The Healer Feat in DnD 5e: The Solution to Healing Problems

Last Updated on August 22, 2023

In any game of DnD, the party’s healer is an essential but often underrated character.

Players who focus on healing skills could spend many sessions feeling underpowered until their companions are brutally attacked and they can step in to save the day and restore health to all. 

The Healer Feat in DnD 5e makes you better at healing using healer’s kits. This means you don’t need magical healing abilities to heal your companions.

This means it is also a good feat for non-Healer characters who want to pick up some of the healing slack in combat. 

(For a list of all the Feats in D&D 5e you can refer to our Feats List)

The Healer Feat allows you to use healing kits to stabilize players more effectively and restore hit points as an action.  This is great for characters who are already healers and want to boost their healing capabilities. It’s also good for characters without healing spells who want to help out when their companions are injured.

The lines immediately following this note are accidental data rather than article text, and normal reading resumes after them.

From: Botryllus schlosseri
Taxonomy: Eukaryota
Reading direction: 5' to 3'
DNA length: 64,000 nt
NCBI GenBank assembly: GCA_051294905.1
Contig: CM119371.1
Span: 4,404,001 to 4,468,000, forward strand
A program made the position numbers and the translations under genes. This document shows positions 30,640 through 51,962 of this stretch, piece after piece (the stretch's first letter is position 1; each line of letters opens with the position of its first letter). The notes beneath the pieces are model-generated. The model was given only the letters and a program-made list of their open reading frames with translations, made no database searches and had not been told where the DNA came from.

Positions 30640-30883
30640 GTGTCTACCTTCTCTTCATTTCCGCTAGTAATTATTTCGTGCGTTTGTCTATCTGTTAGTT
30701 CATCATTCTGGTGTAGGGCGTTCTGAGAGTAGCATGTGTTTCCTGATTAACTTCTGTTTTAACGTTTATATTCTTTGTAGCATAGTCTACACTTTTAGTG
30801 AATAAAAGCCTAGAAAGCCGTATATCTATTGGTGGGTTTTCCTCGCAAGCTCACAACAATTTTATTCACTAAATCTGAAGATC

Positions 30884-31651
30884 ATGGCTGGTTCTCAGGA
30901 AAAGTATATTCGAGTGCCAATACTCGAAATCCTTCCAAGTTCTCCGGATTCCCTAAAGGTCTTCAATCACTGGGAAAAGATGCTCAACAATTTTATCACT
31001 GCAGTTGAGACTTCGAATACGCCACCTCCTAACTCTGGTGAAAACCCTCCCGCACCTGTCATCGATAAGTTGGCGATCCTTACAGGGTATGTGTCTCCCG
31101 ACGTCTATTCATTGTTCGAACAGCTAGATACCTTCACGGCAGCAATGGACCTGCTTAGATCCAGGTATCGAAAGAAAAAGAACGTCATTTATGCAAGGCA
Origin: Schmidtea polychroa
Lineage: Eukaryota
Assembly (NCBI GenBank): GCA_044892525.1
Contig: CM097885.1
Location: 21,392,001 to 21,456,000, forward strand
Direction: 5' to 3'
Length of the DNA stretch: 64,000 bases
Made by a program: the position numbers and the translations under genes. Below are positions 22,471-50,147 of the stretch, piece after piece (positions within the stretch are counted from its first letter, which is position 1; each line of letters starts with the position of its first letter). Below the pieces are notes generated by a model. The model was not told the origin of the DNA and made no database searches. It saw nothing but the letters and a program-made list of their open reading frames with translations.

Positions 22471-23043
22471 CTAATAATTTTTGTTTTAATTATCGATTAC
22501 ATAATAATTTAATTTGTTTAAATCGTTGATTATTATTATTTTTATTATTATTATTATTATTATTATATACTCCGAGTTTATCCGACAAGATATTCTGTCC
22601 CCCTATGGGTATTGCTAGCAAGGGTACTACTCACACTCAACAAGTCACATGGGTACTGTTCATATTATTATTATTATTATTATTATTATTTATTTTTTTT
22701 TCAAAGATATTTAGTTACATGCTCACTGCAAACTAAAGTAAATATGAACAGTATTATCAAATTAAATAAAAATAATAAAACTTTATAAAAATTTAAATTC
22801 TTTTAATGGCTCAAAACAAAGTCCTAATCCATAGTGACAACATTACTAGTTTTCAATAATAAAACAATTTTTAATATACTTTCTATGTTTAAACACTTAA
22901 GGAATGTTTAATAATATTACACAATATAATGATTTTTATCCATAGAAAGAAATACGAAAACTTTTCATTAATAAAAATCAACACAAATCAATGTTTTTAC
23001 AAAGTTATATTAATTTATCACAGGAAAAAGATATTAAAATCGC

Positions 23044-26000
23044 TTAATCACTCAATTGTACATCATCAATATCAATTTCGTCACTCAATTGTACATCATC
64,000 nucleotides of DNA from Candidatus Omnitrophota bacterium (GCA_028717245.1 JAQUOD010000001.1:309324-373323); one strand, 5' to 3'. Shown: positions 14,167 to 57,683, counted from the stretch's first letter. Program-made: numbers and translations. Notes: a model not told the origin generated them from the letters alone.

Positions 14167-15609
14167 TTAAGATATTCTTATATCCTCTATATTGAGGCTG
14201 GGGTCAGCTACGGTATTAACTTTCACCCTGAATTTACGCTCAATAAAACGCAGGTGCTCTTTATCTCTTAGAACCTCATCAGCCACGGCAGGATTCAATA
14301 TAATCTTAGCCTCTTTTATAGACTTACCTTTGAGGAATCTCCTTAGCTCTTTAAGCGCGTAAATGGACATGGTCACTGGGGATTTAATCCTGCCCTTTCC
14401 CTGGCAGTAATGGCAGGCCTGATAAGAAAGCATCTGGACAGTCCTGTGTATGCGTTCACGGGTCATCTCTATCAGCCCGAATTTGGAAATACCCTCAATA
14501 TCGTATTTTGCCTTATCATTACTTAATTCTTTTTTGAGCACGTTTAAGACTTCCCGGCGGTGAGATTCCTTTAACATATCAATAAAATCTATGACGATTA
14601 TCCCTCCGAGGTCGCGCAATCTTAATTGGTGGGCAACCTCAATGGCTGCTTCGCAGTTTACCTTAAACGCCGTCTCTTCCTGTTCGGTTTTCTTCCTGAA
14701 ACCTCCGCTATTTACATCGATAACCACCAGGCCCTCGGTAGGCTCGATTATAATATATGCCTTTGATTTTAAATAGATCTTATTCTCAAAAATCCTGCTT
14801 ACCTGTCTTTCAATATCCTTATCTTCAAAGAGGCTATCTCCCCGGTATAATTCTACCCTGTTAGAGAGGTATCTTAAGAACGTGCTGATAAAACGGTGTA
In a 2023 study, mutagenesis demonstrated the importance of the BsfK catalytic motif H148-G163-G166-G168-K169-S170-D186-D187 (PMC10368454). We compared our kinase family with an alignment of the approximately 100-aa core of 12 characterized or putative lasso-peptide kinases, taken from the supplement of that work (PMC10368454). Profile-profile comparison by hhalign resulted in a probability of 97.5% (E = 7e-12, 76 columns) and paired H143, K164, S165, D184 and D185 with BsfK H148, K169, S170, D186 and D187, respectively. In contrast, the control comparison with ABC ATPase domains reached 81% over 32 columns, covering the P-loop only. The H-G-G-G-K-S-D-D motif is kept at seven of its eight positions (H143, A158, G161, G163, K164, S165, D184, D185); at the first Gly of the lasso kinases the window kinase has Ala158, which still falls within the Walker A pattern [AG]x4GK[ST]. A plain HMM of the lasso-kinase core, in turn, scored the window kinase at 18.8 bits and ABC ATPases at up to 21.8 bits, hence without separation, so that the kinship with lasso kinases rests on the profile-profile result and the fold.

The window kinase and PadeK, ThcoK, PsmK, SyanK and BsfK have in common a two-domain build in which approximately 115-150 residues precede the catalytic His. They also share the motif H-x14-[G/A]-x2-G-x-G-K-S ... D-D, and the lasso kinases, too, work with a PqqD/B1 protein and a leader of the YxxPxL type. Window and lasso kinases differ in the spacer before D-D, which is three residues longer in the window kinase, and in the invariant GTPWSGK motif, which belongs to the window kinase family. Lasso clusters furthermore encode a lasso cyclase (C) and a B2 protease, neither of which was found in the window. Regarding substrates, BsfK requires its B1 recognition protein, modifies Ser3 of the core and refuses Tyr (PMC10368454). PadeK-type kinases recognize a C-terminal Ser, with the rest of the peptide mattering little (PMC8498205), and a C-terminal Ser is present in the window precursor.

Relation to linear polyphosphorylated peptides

How Does the Healer Feat Work in 5e?

You are an able physician, allowing you to mend wounds quickly and get your allies back in the fight.

You gain the following benefits:

  • When you use a healer’s kit to stabilize a dying creature, that creature also regains 1 hit point.
  • As an action, you can spend one use of a healer’s kit to tend to a creature and restore 1d6 + 4 hit points to it, plus additional hit points equal to the creature’s maximum number of Hit Dice. The creature can’t regain hit points from this feat again until it finishes a short or long rest.

Source: Player’s Handbook, p. 167

The Healer Feat is a simple way to make your character a better healer for your party. It relies on using Healer’s Kits, which we’ll explain further below. In short, the Healer Feat gives you two features. 

  1. Use a healer’s kit on a dying creature and give them 1 hit point. Normally when you use a healer’s kit on a dying creature, you only stabilize them. This means that the creature doesn’t have to make death saving throws but they remain on 0 hit points and stay unconscious. With this feat, however, that creature will regain 1 hit point and, therefore, regain consciousness.